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Receive less than the minimum salary

Another common reason you may receive back wages is if your employer doesn't pay you the minimum wage. Hong Kong's Minimum Wage Ordinance establishes a Statutory Minimum Wage (SMW) to sustain the country's economic competitiveness and growth. As of today, the SMW rate is HK$37.5 per hour.

Are terminated without cause

You may also be eligible to receive additional pay after an unwarranted termination. You can calculate the amount of back wages you may receive by determining how much money you would typically earn between the date of your termination and the date that your claim was finalised. For instance, if your employer terminated you unjustly on July 1, 2021, you might have filed a claim against them. If you win the case on December 1, 2021, the court may require your employer to reinstate you and compensate you for about four months of lost wages.

Related: Write a Convincing Salary Increase Letter in Six Simple Steps

How to calculate back wages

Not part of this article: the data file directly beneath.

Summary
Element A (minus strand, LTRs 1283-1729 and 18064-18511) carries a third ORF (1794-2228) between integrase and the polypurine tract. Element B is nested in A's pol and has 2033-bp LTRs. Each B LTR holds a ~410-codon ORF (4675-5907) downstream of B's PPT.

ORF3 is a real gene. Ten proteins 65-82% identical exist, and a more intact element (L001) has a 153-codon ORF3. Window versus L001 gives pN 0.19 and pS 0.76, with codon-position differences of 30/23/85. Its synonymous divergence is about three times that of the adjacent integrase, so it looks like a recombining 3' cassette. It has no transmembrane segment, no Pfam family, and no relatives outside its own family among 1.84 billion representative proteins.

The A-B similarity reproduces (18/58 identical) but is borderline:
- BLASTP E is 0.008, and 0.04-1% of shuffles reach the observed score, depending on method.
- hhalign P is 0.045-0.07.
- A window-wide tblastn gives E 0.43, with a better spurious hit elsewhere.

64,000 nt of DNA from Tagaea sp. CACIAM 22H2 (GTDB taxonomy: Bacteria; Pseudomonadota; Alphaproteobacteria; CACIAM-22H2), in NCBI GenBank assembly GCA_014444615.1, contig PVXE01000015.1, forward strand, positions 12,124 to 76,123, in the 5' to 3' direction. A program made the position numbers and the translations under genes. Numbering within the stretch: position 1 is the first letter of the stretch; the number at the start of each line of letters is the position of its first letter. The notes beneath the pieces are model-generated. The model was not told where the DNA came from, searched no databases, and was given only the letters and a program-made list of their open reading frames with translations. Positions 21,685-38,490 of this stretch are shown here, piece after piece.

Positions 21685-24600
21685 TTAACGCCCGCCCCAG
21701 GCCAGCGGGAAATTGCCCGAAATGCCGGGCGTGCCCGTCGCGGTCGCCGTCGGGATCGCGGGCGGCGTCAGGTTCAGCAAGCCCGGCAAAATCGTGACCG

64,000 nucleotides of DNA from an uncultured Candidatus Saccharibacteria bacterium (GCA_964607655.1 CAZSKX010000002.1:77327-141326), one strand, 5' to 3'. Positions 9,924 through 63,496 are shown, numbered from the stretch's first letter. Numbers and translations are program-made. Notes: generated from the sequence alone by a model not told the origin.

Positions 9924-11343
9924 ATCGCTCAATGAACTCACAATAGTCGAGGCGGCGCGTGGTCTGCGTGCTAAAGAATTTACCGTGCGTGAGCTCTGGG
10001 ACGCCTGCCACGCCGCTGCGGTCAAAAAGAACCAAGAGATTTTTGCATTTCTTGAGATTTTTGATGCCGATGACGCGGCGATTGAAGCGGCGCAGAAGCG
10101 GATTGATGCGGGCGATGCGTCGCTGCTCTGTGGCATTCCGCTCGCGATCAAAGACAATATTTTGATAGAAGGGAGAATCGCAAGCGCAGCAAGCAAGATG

The way you calculate back wages depends on whether you're an hourly or a salaried employee:

Calculating back wages for hourly employees

If your contract includes overtime pay and your employer hasn't compensated you for the overtime you've accumulated, you may request back wages. Here's how you can determine how much your employer owes you:

1. Calculate your hourly rate

Take your total pay for the weeks you worked and divide it by the number of hours you worked to determine your regular hourly rate for the week. You can use the following formula:

Total pay / Total number of hours worked = Regular hourly rate

For example, if you received HK$17,000 after working 160 hours during your monthly pay period, your regular hourly rate would be HK$106.25 per hour.

2. Calculate your half-time rate